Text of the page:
The leather squeaked under her weight as she squirmed in place, waiting for the answer to her question. She pressed the phone close to her ear and listened to the sound of his breathing. It was one of those rare moments where she wasn’t treated like a child. He was just as catatonic as she, his voice an octave lower and his tone no-nonsense.
She sat back on the couch, eyes scanning the expensive interior of wood and brick crowded by shelves of hard-cover binders. The large window behind the heavy desk showed a cloudy morning, sunrays barely hitting the tall buildings outside. Her free hand brushed along the wall next to her; her fingers traced over the decorative indents. Despite its warm brown, the wood was cold against her skin.
On the other end, he said her name but struggled to continue. Was this how people feel when they talked to her?
She turned to glance out the window behind her, parting the blinds to see her father conversing with other adults – coworkers, who dressed in immaculate business attires and whose face was the definition of distress. Ib figured she was the reason why they were talking outside his office.
She let go of the blinds and resumed her previous posture against the couch. On the phone, Garry sounded panicked at her lack of response, asking her if she was still there and listening. She was, just not in the way he would want her to. The way he used ‘aye’ that wasn’t at all like him and how he kept telling her that it wasn’t a good idea, she didn’t want to hear any of it. She could tell he was trying to wriggle out of the conversation. He did it all too blatantly when disconcerted. If her voice was going to give him the reassurance to hang up, she wouldn’t offer even a cough.
A rejection was looming on the horizon.
He went silent for a moment. When he started again, she quickly tuned out his words, her heartbeats quickening.
From his voice, she could imagine him running hands through his hair, yanking it even. “Garry,” she interrupted his incoherent rambling.
She remembered yesterday. Time had seemed to slow to a standstill as she held both of her parents’ gazes. They’d both smiled despite the grogginess in their expression. So patient. So gentle. She loved them.
She also loved him.
And the smile had spread so naturally across her lips as she’d woven a tale.
“I already told you,” she began after a deep breath to steel her resolve. “You were studying, and I fell asleep waiting for you.” It was a story in which she found Garry drooling on his table in the morning, and he fell off his chair when she tried to wake him. There was this scene in her head, so ideal, where they exchanged carefree chatters as he whipped up breakfast, until his guest so rudely interrupted them. A simple tale where she was happy, where he smiled kindly and patted her head, and everything was…normal.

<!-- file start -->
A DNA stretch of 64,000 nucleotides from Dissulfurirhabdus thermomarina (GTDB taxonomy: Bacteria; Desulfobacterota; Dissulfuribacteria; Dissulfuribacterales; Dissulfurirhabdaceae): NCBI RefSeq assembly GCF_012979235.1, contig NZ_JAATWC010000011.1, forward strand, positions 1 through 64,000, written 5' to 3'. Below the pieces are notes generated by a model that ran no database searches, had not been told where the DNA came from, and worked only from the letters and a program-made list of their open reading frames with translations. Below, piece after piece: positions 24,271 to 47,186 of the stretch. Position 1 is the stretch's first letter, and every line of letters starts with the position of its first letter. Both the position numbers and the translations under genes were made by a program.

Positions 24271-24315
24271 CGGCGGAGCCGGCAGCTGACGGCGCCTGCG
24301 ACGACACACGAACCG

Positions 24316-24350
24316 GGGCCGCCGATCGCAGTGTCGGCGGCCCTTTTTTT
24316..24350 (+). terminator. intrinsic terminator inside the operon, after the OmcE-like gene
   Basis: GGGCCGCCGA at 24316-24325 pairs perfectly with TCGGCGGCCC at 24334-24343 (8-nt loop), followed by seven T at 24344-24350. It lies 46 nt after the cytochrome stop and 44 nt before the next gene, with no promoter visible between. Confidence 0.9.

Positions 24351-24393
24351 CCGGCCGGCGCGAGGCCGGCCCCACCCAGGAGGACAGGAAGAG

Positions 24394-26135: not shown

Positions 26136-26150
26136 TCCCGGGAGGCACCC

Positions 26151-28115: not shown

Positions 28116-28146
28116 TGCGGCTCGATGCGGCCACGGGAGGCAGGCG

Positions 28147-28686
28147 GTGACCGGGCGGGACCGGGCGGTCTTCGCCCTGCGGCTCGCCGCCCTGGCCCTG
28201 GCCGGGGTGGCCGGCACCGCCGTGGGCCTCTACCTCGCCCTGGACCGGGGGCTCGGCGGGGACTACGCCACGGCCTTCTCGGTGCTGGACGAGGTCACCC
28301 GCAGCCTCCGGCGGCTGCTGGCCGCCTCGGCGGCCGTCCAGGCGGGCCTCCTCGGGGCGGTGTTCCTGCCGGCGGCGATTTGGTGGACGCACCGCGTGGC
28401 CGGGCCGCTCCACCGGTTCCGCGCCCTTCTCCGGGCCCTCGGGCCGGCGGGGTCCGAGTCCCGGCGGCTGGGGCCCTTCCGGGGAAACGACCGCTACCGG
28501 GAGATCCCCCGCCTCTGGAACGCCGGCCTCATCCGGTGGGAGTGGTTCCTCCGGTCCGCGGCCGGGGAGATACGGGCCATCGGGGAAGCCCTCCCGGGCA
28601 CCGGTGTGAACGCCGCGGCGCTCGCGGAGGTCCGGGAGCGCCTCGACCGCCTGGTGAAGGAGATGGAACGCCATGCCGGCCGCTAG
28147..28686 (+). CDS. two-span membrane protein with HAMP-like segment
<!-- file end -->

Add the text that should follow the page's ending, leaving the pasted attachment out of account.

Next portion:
“This is not something we can just lie about,” his tone was filled with objection. “Things don’t just work like that—”
“I’m not lying.”
If that night was going to sabotage what they had… If his embrace was going to be the reason why she could never feel his warmth again, and her tears why he wouldn’t see her. Then none of it had happened. The bed had been too big without him that night, but his scent kept her nightmares at bay. The morning had been scary when she couldn’t find him in the living room, but his drooling face when she found him in the study had made her smile.
Her hand slid under the collar of her thick wool jacket, her fingers shaking as they repeated their new habit of tracing the collarbone.
Like this fading mark on her skin, that night was going to disappear. Like the way they’d convinced people they were just a strange pair that bonded over macarons, this was just another story for them to perfect. Another truth they’d keep. Another tie that bound. And as long as they never mentioned it, no one would know; and neither of them would have to hurt.
“Don’t make me a liar.”
There was only silence on the other side.
“So can I?”
She could feel it. The rejection was ready at the tip of his tongue.
A sigh was vivid in her ear. “All right. You can come…tomorrow. Any time you like.”
“Thank you.” She strangely felt neither the joy nor anticipation that should’ve followed this pattern of conversation between them. “… See you tomorrow.”
Ib waited for him to hang up, listening for that beep that would cut the sound of his breathing short and end the call. But it never came. As the seconds ticked by it dawned on her he was doing just the same thing. It was Garry whom she had learnt the gesture from.
A soft chuckle echoed on the other end; he sounded almost wry.
“Okay, I’ll hang up now, Ib. …Bye.” And the line went dead.
She lowered the phone from her ear to stare at it, her mind blank. The discreetly parted blinds revealed her Pa with a stern expression, and it didn’t seem like he would be coming in anytime soon. Turning back in front, she started to dangle her legs as her mind replayed the phone call. Garry didn’t reject her. Somehow that was such a feat. Garry didn’t want her to come, but he didn’t reject her. Her black boots stilled.
He didn’t reject her.
He couldn’t reject her anymore.
Sliding down from the couch, the little girl went to put her father’s phone on his organized desk. The faintest smile was curving her lips.
Tomorrow was said to be a beautiful day, according to the weather forecast. Of course, it was but a probability.
His heavy footsteps travelled up the stairwell, echoing between marble walls and a tall, intricate ceiling. The air conditioning was faintly cold on his skin when he reached the top and entered through the doorway. It was quiet. The campus was already quiet because of the break, but this building was especially so. He could’ve been convinced he was alone.
Walking past the lit but empty rooms, Garry headed for the paneled double door at the end of the hallway. The President was always looking to increase the quality of other departments aside from arts and crafts. It had been emphasized to him how important it was to please the school’s guest. But with his head filled to the brim with the phone call from Ib, Garry couldn’t have cared any less when he knocked on the door. The past four hours were mere minutes as he kept beating himself up over the promise he’d made. A bad idea, he still thought of it, but at the same time they did need to talk. He’d expected weeks, if not months, before she could bear to mention his name again. And that was if her parents hadn’t already called the cops on his sorry ass by then.